Piranesi and Marc Antonie

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Piranesi and Marc Antonie

  1. 1. Presented by : Ar.Shruti
  2. 2. •  Giovanni  Battista   (also   Giambattista)   Piranesi  (4   October  1720  –  9   November  1778)   was  an  Italian  artist   famous  for  his   etchings  of  Rome   and  of  fictitious  and   atmospheric   "prisons"  
  3. 3. —  Giovanni  Ba)sta  Piranesi  was  a  mul3-­‐ talented  and  accomplished  man  of  the   enlightenment  who  combined  supreme   ar3s3c  ability  and  historical  scholarship   with  an  entrepreneurial  business  sense.     —   He  was  at  once  an  ar3st,  architect,   archeologist,  designer,  collector,  and   print  and  an3qui3es  dealer.    Many   consider  him  one  of  the  most   influen3al  ar3sts  in  the  development   and  populariza3on  of  the  neoclassical   style  of  the  late  18th  century.     —  Characteris3cs  of  Piranesi’s  early  works   were  “the  unorthodox  combina3on  of   classical  mo3fs,  the  manipula3on  of   superhuman  scale,  the  organiza3on  of   powerfully  receding  perspec3ves  upon   diagonal  axes,  and  the  modula3on  of   space  by  means  of  skilful  ligh3ng.”     —  Piranesi  etched  and  published   numerous  folio  print  sets  of  art,   architecture  and  archaeology  of  Rome   and  environs,  that  served  as  source   material  for  other  architects  and   designers.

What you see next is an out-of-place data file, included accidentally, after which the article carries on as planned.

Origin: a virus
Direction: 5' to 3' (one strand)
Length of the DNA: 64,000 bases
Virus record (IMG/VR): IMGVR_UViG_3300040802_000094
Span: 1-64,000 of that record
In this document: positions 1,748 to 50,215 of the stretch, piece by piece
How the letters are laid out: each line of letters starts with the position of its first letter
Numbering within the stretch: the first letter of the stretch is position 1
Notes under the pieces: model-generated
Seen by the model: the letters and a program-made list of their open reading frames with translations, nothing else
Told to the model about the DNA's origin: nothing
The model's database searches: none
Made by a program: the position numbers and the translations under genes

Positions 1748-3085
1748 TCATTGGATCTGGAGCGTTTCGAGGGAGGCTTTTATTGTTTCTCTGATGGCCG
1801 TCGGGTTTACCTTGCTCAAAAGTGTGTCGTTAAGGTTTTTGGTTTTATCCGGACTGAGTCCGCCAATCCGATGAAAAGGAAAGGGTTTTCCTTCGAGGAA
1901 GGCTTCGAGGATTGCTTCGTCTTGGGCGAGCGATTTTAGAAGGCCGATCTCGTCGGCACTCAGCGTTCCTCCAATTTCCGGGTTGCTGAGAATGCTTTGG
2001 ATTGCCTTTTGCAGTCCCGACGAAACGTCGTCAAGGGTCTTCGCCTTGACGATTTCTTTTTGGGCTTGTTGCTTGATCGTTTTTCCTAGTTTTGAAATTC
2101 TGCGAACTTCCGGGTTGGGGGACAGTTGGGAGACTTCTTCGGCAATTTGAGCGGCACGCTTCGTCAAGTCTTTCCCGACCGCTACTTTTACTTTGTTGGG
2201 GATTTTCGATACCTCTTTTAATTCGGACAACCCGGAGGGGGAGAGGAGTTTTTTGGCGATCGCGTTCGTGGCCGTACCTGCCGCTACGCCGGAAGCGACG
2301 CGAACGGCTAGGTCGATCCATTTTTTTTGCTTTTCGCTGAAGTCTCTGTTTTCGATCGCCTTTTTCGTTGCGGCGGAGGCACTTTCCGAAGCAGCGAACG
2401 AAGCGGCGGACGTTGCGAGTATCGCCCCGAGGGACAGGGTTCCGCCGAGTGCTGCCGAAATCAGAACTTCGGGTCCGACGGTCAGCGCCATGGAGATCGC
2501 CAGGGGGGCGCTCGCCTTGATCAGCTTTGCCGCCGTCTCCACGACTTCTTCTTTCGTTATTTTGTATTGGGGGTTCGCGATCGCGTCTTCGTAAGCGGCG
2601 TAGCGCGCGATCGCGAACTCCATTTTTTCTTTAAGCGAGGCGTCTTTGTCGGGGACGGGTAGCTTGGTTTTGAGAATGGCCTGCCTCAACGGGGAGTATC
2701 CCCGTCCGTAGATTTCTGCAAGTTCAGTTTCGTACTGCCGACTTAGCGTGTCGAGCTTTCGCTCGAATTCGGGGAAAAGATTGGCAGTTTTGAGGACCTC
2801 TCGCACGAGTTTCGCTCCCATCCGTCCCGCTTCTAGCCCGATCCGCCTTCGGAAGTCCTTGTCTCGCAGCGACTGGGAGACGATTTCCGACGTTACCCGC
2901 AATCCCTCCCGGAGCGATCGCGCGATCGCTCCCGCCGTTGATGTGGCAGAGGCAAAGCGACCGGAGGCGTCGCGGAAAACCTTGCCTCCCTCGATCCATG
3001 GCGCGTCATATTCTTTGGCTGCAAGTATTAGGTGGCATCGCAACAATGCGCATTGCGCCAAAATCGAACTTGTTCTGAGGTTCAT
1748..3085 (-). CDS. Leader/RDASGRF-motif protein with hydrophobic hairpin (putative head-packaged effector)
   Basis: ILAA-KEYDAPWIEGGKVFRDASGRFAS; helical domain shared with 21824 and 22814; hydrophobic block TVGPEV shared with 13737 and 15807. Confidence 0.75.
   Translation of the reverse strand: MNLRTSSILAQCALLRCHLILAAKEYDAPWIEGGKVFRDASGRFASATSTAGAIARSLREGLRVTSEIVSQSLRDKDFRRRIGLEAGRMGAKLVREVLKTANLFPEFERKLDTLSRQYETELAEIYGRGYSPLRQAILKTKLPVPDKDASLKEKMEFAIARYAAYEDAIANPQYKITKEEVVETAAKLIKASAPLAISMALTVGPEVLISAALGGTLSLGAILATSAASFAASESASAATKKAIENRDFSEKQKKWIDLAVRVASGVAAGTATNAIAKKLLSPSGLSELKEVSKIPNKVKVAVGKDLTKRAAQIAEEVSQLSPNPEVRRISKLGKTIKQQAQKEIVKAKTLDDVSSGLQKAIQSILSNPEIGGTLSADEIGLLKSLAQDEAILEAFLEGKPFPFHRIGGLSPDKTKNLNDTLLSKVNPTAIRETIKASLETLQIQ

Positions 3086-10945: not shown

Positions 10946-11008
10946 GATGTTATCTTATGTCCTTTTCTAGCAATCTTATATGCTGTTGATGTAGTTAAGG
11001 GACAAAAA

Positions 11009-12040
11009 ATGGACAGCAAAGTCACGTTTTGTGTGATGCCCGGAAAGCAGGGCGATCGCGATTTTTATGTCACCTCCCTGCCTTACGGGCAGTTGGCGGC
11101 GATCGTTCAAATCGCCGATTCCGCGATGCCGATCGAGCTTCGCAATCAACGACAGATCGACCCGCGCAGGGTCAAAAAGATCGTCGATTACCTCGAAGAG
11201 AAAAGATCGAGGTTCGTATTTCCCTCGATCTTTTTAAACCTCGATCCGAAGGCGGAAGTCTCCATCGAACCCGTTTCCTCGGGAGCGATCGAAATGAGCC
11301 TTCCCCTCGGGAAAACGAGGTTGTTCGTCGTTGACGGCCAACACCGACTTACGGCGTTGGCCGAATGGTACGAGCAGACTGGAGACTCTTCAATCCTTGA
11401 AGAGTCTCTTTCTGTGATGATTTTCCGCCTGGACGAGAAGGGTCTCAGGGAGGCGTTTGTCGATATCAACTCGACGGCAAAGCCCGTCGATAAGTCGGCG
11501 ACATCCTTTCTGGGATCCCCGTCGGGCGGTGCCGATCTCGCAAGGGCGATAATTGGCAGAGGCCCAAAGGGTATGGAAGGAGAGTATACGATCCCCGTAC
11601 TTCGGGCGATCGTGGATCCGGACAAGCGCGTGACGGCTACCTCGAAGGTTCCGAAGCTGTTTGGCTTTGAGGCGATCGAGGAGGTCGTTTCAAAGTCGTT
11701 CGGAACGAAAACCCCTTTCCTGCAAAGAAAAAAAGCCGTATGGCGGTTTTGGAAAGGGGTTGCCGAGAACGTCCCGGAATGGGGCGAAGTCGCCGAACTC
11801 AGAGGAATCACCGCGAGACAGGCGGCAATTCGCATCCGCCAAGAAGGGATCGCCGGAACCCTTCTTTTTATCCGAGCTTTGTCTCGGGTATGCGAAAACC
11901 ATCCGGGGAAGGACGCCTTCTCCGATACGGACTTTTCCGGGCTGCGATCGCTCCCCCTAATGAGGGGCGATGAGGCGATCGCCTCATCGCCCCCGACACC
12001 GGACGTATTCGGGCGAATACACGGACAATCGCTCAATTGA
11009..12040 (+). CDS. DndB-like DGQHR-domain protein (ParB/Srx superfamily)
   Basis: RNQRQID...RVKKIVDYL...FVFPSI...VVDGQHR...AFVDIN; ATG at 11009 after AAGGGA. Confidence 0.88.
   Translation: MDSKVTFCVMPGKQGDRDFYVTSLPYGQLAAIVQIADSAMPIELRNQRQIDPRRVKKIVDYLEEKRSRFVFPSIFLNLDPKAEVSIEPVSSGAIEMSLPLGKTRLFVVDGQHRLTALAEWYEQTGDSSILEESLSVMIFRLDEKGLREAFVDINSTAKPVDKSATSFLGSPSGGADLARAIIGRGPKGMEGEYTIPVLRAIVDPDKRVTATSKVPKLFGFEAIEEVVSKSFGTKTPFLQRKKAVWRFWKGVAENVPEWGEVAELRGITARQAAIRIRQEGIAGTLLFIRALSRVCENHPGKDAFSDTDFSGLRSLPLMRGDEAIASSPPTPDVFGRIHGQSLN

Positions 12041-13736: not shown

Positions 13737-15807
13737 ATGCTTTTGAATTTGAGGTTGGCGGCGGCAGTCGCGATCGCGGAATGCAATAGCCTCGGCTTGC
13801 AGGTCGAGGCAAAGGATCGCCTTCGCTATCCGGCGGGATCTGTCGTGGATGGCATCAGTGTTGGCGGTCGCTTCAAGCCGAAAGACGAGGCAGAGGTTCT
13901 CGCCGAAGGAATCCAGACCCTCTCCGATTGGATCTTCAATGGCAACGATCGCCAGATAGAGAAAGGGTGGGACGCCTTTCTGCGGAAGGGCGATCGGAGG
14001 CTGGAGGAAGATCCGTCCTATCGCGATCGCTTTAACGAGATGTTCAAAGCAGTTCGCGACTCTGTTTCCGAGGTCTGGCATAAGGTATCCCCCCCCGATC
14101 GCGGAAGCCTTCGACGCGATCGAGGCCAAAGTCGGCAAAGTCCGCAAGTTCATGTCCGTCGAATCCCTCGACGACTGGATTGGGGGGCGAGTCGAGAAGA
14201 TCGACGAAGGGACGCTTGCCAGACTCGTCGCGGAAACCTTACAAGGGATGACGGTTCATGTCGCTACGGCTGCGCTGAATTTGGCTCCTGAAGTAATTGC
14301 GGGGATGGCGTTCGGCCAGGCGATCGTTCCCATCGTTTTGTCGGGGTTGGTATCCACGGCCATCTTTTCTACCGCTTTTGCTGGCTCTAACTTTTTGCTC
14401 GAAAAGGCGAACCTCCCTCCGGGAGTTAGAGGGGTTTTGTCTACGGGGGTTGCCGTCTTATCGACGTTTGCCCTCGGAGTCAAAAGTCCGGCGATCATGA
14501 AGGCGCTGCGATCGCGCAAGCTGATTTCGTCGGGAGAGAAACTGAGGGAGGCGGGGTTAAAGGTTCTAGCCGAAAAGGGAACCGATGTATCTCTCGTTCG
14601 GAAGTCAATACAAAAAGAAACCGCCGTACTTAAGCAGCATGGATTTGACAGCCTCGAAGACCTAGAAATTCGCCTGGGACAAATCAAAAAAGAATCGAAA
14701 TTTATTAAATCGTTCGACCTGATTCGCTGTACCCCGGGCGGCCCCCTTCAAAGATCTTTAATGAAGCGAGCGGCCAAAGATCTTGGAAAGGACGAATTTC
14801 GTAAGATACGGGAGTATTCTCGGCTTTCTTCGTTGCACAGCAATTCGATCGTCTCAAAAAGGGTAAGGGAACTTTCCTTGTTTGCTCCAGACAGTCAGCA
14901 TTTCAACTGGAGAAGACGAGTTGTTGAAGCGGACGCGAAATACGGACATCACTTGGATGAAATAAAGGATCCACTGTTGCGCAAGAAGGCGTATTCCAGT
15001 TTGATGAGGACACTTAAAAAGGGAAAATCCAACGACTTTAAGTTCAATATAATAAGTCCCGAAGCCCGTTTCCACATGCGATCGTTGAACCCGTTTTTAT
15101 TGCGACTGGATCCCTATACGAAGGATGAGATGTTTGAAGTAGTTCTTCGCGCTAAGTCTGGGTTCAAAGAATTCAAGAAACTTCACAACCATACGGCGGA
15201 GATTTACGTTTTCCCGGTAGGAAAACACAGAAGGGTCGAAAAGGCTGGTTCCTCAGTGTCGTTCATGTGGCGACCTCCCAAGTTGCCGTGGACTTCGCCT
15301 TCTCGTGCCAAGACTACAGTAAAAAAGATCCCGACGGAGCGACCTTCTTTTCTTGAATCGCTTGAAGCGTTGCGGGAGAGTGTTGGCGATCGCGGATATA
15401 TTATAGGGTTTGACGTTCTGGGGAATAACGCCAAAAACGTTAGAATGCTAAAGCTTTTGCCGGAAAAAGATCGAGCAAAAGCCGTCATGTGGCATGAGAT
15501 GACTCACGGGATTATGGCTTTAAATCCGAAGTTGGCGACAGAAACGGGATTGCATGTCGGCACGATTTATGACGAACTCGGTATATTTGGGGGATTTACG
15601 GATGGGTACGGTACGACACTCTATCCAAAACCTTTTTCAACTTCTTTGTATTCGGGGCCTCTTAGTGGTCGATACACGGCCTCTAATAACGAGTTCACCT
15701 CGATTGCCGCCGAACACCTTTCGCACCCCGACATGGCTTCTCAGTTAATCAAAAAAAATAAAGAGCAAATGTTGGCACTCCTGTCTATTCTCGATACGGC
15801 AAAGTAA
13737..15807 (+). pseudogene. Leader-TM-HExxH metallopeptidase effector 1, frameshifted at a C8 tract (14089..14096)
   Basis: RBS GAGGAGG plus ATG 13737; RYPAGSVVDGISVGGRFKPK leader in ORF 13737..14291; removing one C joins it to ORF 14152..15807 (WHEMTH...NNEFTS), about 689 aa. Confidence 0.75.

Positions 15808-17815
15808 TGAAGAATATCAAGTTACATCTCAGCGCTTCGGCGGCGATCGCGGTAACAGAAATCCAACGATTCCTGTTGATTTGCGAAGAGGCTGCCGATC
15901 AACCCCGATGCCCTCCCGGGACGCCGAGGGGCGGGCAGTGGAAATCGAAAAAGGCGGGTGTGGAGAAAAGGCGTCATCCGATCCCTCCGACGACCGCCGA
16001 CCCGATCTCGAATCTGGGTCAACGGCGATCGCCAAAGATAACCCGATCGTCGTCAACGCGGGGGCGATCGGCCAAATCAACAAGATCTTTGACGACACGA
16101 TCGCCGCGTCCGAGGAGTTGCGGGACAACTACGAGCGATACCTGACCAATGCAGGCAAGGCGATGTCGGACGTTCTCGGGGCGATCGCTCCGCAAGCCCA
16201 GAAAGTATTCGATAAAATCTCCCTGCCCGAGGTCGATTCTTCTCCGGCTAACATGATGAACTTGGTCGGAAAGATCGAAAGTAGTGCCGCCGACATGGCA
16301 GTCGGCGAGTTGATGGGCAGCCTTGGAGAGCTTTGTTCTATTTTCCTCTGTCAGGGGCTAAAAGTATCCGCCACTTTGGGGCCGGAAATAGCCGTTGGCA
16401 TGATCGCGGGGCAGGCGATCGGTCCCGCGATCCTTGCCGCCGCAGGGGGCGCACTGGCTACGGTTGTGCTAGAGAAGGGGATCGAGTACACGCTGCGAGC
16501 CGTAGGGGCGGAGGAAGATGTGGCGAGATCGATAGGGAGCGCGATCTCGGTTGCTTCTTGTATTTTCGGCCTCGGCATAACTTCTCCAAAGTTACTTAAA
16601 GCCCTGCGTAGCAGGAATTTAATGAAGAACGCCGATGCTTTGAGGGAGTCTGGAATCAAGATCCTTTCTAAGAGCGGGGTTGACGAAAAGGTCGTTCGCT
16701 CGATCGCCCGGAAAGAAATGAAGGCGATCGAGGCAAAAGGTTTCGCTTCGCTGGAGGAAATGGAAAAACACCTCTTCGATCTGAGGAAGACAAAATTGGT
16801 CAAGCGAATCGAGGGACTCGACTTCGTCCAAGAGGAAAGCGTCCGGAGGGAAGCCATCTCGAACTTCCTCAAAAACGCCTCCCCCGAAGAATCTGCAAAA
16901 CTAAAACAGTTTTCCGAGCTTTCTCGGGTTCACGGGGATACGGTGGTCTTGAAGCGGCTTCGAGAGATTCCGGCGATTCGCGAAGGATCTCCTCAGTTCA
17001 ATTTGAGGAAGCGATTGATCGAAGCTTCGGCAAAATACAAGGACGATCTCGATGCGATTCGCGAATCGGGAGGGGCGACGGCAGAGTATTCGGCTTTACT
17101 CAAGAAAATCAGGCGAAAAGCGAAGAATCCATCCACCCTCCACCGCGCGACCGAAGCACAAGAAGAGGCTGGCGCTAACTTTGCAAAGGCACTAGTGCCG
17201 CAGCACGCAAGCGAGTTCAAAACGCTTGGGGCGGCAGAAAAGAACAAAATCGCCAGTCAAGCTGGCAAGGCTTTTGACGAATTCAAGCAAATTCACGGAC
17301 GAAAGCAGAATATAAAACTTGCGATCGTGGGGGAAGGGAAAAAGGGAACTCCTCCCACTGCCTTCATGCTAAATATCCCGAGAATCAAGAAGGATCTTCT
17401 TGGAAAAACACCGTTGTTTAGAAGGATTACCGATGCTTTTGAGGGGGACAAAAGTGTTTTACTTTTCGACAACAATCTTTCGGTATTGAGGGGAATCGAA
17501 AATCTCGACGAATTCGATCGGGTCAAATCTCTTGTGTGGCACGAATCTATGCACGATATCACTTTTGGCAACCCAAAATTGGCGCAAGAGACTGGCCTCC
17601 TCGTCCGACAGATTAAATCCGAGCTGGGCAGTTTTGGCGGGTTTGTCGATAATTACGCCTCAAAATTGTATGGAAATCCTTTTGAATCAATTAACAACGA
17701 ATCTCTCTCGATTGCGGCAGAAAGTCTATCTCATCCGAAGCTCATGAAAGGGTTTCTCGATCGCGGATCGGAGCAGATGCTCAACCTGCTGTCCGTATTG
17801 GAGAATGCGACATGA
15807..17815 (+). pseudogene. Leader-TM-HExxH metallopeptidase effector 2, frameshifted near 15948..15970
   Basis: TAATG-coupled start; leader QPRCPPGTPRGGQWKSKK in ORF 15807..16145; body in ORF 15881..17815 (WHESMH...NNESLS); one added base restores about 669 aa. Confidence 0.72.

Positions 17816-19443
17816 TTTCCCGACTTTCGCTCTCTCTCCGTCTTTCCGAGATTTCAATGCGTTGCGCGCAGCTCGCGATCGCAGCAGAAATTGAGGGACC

4. 4. —  Born  January  22,  1713  in   Manosque,  Provence   —  Family  of  upper-­‐class   bourgeoisie   —  Studied  at  ages  14-­‐17  at   college  at  Avignon     to  become  a  Jesuit  priest,  then   on  to  Lyons,  Province.   —  Par3cipated  in  public   educa3on  with  the  Jesuits   —  Developed  interest  in   architecture  and  began     discovering  buildings  on  his  own.   —  Spoke  publicly  to  the  king  and   his  consorts     regarding  religious  and  poli3cal   problems   —  .       —  Died  April  5,  1769  in  Paris,   France